Howard Daniel submitted these thoughts on fakes in numismatics. Thanks!
The item The Place of Fakes in Numismatics, by Michael Fazzari, was of great interest to me. When I read about "fakes," I have to read more to find which one of my three categories are the pieces. A counterfeit/fake is considered by me to be something made while the piece was in circulation. A replica is made after the piece was in circulation, and a fantasy is something that never existed as an authentic piece and made to mostly fool tourists and unknowledgeable collectors.
I have paid some good money for contemporary counterfeits/fakes, but I limit myself to $5 or a little over their intrinsic value for the few replicas and fantasies I need to educate other numismatists.
One of my personal tasks in Southeast Asian numismatics is to eliminate the replicas and fantasy pieces from the marketplace. I do believe contemporary counterfeits/fakes are collectible and I am always looking for them. But the replicas made after the original was circulating are not of interest to me except for a few for teaching other collectors about them. I include all of the Chinese fakes of Southeast Asian pieces in the category of replicas. The Chinese also make a few fantasy pieces but most for Southeast Asia, I have found were made by local sources to sell to tourists.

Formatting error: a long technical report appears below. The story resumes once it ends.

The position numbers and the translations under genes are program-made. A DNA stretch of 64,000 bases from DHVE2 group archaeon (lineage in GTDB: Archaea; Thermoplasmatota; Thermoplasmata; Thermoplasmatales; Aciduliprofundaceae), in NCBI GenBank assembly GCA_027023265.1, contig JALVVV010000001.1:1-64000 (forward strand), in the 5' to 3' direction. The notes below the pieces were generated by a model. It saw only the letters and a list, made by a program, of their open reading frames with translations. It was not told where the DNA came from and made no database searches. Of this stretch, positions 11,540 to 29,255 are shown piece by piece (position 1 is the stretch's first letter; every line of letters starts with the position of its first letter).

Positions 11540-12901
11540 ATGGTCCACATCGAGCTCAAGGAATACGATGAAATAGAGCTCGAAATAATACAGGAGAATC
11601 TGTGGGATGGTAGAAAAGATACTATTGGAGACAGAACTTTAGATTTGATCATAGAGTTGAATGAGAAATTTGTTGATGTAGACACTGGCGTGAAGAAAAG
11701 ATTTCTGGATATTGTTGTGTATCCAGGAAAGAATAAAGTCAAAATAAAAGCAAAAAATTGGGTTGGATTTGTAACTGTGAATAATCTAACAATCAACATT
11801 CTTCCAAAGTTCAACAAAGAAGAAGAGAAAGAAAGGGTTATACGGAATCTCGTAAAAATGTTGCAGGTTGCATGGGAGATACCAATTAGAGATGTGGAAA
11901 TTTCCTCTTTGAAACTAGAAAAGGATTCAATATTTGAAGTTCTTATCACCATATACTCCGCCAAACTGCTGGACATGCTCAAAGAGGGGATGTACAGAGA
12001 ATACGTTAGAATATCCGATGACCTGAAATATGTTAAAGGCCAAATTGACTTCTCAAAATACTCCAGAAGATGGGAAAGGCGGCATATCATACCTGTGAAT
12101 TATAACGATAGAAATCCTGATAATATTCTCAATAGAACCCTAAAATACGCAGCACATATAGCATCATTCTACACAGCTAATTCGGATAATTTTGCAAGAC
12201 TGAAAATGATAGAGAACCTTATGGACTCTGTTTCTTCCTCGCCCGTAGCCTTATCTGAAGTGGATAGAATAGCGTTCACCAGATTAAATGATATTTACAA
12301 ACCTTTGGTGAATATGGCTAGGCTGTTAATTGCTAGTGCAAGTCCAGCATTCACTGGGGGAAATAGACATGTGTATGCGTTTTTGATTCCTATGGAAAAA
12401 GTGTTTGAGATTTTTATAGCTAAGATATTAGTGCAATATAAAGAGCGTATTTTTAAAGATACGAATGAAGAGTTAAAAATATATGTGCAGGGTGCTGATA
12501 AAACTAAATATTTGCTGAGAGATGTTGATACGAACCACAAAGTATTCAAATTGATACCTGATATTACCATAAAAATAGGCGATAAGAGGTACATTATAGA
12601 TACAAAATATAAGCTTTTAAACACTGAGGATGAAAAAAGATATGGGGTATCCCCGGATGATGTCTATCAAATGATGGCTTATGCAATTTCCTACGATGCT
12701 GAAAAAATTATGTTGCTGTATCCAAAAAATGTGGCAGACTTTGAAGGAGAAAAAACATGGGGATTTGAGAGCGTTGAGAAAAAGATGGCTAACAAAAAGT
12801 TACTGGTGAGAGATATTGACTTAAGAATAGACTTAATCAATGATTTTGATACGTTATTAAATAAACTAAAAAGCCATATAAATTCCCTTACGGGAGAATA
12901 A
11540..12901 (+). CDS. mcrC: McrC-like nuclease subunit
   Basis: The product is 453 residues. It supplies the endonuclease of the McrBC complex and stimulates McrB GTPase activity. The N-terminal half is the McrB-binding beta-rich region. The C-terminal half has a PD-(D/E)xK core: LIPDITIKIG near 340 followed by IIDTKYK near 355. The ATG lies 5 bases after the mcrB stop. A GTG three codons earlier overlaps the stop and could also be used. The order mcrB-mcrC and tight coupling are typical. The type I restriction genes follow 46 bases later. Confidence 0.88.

I am one of the "experts" for eBay and regularly review my countries for them and give them an opinion on them. When I discover a piece that is not accurately described on my own, I contact the seller first. About 50% are interested in knowing the truth about their piece, but the other 50% do not care and just want to sell it at a profit. You should see my emails from the latter sellers!
Michael is one of the good guys in numismatics and is doing excellent work for numismatics. If you can assist him in any way, please forward your questionable piece(s) to him.
Joe Boling adds:
On the subject of collecting fakes, the big problem with collecting them while they are fresh is that you end up supporting the market for the fakers. I have paid high prices for fakes on eBay (not being offered as fakes, of course) so that I could have them for my teaching set. When I then publicize them, I am asked why I am helping to create a demand for them. It's a tough question - I have no satisfactory reply, except that I do it to help others learn from them.
Incidentally, when eBay is included in the group I am informing about them, eBay could not care less.
To read the earlier E-Sylum article, see:
THE PLACE OF FAKES IN NUMISMATICS
Wayne Homren, Editor
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